Due to my lingering interest in comparative religions, I sometimes read conversion stories, and I've occasionally reported on them here, especially the unusual ones.
I've never heard a conversion story quite like this one, unexpected and even hard to believe
, as told by Virginia Prodan
, an international human rights attorney who defended Christians in Communist Romania, as well as an Allied Attorney with the Alliance Defending Freedom
. The story below appears in her book, Saving My Assassin
(Tyndale), though I came across it as an excerpt:
Late at night, after a long day in court, Miruna, my legal assistant, peeked into my doorway: "A big man in the waiting room says he wants to discuss a case." She shrugged. "That's all he will tell me."
I was taken aback at how enormous he was. As he sat down in front of my desk, his eyes seemed to bore a hole straight through me, and a sneer formed at the corner of his mouth. Slowly, he pulled back his coat and reached into a shoulder holster, . . . drawing a gun. "You have failed to heed the warnings you've been given," he said, aiming at me. "I've come here to finish the matter once and for all." He flexed his fingers, and I heard a distinctive click. "I am here to kill you."
My hands shook. Fight-or-flight instincts pinged in my brain. My chin trembled. An image flashed through my mind: my assistant arriving in the morning and finding my lifeless body on the office floor. I was alone with my killer. And yet, I was not. I began silent, fervent prayers, recalling God's promises. His Spirit breathed peace into my panicked heart. Then I sensed his message: Share the gospel. I considered the man before me. Behind those hate-filled eyes was a creation of God. He had an immortal soul, and he needed to know about the love God has shown in Jesus Christ. At once emboldened, I met my killer's eyes. "Have you ever asked yourself: 'Why do I exist?' or 'Why am I here?' or 'What is the meaning of my life?' I once asked myself those questions." My voice stayed calm and did not waver.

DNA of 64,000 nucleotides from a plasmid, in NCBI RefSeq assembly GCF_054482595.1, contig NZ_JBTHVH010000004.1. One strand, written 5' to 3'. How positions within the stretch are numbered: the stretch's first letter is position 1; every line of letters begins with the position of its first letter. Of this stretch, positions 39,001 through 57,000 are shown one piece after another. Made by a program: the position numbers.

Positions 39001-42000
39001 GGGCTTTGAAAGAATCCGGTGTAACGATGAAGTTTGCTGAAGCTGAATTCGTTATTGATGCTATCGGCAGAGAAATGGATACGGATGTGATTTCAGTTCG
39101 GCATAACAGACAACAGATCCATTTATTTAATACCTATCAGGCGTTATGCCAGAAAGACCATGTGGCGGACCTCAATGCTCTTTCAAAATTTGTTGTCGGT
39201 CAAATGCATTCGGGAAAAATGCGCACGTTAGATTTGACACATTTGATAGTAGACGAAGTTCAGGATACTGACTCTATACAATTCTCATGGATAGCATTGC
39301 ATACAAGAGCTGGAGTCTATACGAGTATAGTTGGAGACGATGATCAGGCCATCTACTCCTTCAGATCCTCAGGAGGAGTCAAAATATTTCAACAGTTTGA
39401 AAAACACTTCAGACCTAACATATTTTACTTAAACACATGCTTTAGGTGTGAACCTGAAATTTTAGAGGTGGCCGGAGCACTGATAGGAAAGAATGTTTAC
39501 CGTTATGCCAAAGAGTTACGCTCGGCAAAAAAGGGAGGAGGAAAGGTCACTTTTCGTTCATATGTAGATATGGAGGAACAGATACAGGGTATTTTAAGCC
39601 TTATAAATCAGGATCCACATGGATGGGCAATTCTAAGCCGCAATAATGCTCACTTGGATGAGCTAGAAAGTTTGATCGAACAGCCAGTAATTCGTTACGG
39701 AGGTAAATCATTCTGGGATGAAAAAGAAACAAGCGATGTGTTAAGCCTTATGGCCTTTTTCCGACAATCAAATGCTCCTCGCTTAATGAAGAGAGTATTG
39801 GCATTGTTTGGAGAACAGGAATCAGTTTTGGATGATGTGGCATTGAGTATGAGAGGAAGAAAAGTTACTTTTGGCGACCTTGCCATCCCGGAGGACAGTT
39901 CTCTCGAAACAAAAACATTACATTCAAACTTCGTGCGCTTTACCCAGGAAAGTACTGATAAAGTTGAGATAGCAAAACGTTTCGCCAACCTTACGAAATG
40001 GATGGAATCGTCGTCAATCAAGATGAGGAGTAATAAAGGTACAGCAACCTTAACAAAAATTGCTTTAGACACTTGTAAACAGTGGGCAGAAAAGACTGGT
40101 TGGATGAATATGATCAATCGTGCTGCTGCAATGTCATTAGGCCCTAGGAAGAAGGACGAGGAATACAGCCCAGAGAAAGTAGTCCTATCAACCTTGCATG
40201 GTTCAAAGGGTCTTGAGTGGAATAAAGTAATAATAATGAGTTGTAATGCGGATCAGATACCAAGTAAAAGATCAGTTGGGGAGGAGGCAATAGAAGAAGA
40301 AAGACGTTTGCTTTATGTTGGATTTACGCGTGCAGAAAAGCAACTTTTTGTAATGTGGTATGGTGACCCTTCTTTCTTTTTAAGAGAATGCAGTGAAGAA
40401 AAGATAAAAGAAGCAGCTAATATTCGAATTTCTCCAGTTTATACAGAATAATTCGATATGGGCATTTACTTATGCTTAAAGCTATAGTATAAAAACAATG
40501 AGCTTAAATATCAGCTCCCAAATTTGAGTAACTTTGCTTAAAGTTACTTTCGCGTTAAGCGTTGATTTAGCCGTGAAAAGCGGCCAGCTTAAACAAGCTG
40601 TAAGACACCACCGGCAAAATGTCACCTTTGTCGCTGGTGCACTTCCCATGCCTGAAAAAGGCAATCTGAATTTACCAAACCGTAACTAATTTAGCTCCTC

He slid his gun back into the holster.
I leaned forward. "You are here because God put you here, and he has put you to a test. Will you abide in God or in the will of a man - your boss, President Ceausescu, who requires you to worship him? God has given you free will to choose."
His eyes softened.
My heart thumped even faster, and my confidence rose. "The truth is that we have all been corrupted and gone away from God." He nodded. "We all are sinners, and our sin has determined our future. Hebrews 9:27 says, 'People are destined to die once, and after that to face judgment.'"
His mouth fell slightly open, and his hands relaxed.
"But the good news is that God has prepared a way out for every one of us through the sacrifice of Jesus Christ on the cross: 'For God so loved the world that he gave his one and only Son, that whoever believes in him shall not perish but have eternal life.'" As I continued to talk with him, he appeared smaller and more peaceful.
Finally, he brought his hand to his forehead and said, "You are right. The people who sent me here are crazy. I do need Christ." He promised, "I will come to your church as a secret brother in Christ. I will worship your powerful God."
And with that, my killer walked away saved - a brother in Christ. He went on to enroll in seminary, and we have even kept in touch. He, like me, had found the Truth. And neither of us will be afraid to speak it ever again.
I encountered this as part of a larger story in an article, "I Found the Gospel in Communist Romania
" (Christianity Today
, September 23, 2016), by the same woman, Virginia Prodan. I have to admit, though, that the story sounds incredible, literally hard to believe
. Why? The conversion seems too easy for a hardened killer. Something must have been ticking along within the man's heart - there must be a story waiting to be told, the killer's story, that would clarify the man's decision that night.
Labels: Christianity Today